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Pros: -Aluminium casing. One solid piece with two plastic caps on the ends.
Green LED is not blinding in the dark, yet is noticable in bright light.
-USB mini is a stronger port than a micro one. I'm glad these drives still come with mini and recognize mini as some sort of standard. I have also owned and enjoyed drives with a USB-A female port which is extra rugged, but is a little harder to find replacement cables.
-The cable it comes with is long enough for most of what I need to do and comes with the extra usb cable for power when needed. I zip tie mine back when I do not need it and it looks pretty nice.
I have owned several Vantec enclosures now and they all seem to be quality once they're together. Don't take them apart on a daily basis and you'll be fine. If you do decide to take it apart daily, you will strip the screws.
Cons: -Size. I also own a NExtar 6g which is 1/3 inch shorter due to a smaller board.
-I like the blue LED of the 6g better in color, but that one is far too bright whereas this one is good on brightness.
-The pleather sleve it comes with is junk...but meh.
-The screwdriver it comes with is also junk, but a nice little add-on at any rate.
-The screws to screw it in are not that high quality either and are easy to strip. Take your time and apply enough pressure and you will be fine (you will be better off with your own screwdriver if you have one)
-USB2.0 (but you wont get 3.0 at this price range)
-This case picks up fingerprints whereas my 6g is brushed and hides them.
While I'm nitpicking to find cons, the ends could be aluminium too rather than plastic.
Other Thoughts: For the price, this little enclosure is excellent. I hate it when people review products without taking the price into consideration. The enclosure is a no-frills aluminium USB 2.0 enclosure. That's what you paid for, that's what you get.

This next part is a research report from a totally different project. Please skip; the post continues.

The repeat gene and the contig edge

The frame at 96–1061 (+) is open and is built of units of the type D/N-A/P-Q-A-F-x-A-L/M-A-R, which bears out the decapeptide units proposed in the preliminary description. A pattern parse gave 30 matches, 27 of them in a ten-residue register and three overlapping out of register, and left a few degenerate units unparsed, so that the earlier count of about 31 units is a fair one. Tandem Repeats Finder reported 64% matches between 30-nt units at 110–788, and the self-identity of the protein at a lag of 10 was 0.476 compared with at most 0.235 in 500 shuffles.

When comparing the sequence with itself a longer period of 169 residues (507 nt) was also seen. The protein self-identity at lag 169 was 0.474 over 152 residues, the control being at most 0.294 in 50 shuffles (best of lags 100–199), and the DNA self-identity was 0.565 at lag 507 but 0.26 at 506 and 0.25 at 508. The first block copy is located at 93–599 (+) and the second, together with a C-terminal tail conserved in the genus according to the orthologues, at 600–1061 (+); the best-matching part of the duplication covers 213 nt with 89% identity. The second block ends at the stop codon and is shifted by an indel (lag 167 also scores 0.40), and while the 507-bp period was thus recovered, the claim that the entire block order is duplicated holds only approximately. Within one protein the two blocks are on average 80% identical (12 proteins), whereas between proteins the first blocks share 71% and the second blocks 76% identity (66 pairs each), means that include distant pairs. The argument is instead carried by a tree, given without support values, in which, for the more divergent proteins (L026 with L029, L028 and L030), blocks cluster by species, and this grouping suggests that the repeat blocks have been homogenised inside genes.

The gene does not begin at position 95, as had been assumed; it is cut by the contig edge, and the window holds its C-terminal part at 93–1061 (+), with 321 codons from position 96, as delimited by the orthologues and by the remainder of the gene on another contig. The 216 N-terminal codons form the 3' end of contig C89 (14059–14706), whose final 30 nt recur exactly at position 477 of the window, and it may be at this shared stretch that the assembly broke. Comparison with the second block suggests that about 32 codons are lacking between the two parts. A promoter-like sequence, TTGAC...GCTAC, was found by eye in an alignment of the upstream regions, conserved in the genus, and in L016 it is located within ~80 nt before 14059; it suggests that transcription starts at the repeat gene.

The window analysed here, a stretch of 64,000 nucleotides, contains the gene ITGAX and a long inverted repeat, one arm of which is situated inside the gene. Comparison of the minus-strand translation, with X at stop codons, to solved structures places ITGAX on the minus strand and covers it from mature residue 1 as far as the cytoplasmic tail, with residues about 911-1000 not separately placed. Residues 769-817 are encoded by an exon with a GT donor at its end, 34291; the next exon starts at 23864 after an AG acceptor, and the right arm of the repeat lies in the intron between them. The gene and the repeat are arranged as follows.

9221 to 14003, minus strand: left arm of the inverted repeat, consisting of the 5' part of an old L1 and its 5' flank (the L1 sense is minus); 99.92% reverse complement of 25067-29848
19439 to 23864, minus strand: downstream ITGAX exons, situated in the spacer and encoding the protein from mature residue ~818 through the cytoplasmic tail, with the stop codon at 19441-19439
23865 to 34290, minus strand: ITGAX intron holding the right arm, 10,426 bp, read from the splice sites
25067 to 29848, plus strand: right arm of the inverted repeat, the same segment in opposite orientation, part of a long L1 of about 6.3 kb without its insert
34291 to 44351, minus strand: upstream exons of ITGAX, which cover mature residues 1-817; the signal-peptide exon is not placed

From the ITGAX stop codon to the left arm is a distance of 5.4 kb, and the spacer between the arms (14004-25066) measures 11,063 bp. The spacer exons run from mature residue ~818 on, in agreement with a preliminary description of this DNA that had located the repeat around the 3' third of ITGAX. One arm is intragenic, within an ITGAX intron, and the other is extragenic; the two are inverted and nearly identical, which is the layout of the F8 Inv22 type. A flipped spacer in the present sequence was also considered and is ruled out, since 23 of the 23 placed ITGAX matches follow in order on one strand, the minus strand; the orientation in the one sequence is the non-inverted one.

If you are looking for super cheap and cosmetically pleasing long-term you may want to pick a plastic case. If you need something to protect your drive at the cost of getting scratched perhaps this aluminium one is right for you.
Note: the enclosure is designed to fit up to 12mm tall drives. so when you put a 7 or 9.5 mm drive in it and it rattles around a little, that is because no enclosure can be perfect to size when there are three different standard sizes on the market. All you have to do is take a piece of the cardboard box the enclosure shipped in and slide it on top of the drive when you insert it into the enclosure.
This review is from: HP X702 32GB USB 3.0 Flash Drive Model P-FD32GHP702-GE
Pros: Just got it and benchmarked sequencial (it on 3.0 and on 2.0.
USB 3.0 speeds averaged at 80MB/s read and 20MB/s write
USB 2.0 speeds averaged at 25MB/s read and 8MB/s write
all tests were done on linux with a sample size of 10MiB and 100 samples
Kept up to its advertised specs pretty well. Just make sure you have it on a 3.0 port with 3.0 drivers, windows people.
The rear of the drive has a spot for a lanyard or a spot to put the cap.
Cons: Speeds were a little inconsistent compared to most of my USB2.0 drives. This is honestly my first 3.0, so I can't rate it to any others.
Mostly the cons are the cheap plastic enclosure and a cap that is easy to lose. It also appears like it may wear out quickly and lose its grip to the drive.
Other Thoughts: We know that HP didn't make it. No idea who they bought it from, but it seems pretty fast. Most drives that give the speed (and perform at rated speeds) are from the big ram brands. This random branded little drive actually performs pretty quickly.
My use as an IT pro has me put and load operating systems off of it. Speed was more of a concern for me (mostly read) than size. I nearly went for my tride and true brand for the same price with 16gigs. Thought I'd give this a try. Time will tell.
I use this for an HTPC with light linux gaming. It maxes out X3 at 720p (which is no real feat) and plays 720P video on silverlight and flash. Also plays DVD's with a good tear-free quality. If I wanted to support Sony and buy Blu-Ray, I believe this card would play it without a hitch.
HDMI audio works fine.
Cons: AMD linux drivers. They really need to work on them. Every few times I boot it comes up all fuzzy which is corrected by changing the resolution and changing it back. I have tried every driver package currently available with no luck.
MSI Afterburner not available for linux.
DVI is DVI-D only. This means that it only puts out a digital signal. Many of these cards come with a DVI-I which has pins for digital and analog. Do not purchase and try to use a DVI-A/DVI-I to VGA adapter for a dual VGA set-up. The adapter will not fit.
Other Thoughts: I only use the HDMI, so I can't comment on the signal quality of the DVI or VGA connections.